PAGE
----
PORTLAND – Lawyers for the Cumberland County Civic Center and the Portland Pirates hockey team met all day Wednesday, but there was no word on whether they settled a lease dispute that has moved into court.
The two groups of lawyers were in Cumberland County Business Court for a settlement conference on the Pirates lawsuit, which seeks to enforce an April agreement on most, but not all, of the terms of a five-year lease.
Civic center officials say there is no agreement and that the trustees only announced deals on some key points in April and called for further negotiations on the rest.
They also said the April agreement was never signed and point out that the two sides continued to trade lease proposals throughout the summer, right up until the arena’s trustees sent a final offer the last week of August.
A settlement conference is a hearing, similar to mediation, which is used to try to find an agreement before trial. Because it is like mediation and there are limits on the ability to use statements made in the conference in a trial, it is conducted behind closed doors.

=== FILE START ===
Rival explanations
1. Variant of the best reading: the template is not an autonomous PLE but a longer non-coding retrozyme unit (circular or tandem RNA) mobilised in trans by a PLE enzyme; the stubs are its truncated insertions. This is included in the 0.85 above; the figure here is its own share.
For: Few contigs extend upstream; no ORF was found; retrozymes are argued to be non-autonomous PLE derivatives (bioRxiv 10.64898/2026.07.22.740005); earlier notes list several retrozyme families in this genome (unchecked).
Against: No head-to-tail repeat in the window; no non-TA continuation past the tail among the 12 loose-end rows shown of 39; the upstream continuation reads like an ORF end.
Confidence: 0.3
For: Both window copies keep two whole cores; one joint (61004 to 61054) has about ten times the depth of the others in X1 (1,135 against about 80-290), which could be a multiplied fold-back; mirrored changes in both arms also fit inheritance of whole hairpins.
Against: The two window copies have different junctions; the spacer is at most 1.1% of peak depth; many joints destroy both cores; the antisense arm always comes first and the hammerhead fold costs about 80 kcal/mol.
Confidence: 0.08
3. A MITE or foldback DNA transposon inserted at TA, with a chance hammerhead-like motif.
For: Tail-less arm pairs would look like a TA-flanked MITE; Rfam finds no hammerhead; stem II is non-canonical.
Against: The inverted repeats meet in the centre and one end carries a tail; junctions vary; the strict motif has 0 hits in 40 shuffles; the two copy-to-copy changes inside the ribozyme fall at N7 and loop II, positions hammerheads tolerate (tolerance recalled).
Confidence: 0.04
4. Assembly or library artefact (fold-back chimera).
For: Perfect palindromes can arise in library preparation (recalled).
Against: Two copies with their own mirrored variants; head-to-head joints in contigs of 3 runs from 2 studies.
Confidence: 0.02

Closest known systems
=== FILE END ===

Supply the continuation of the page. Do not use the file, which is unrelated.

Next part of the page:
In the morning, the two sides were mostly separate, with civic center board chairman Neal Pratt and the arena’s lawyers primarily in Superior Court Justice Thomas Humphrey’s courtroom.
The Pirates’ legal team and managing owner Brian Petrovek were out of sight most of the morning, either meeting separately or with Humphrey.
In the afternoon, the courtroom was empty and both sides were reportedly meeting with Humphrey. The two sides left court about 5:30 p.m. without commenting.
Calls to Pratt, Petrovek and the lead lawyers for each side were not returned Wednesday.
The April agreement indicated that both sides had reached a deal on many of the key terms of the lease. But disputes remained over how much of the concession revenue should go to the Pirates and whether the team should share in “sub-naming rights” for parts of the arena, such as the rink and new luxury suites.
Edward D. Murphy can be contacted at 791-6465 or at: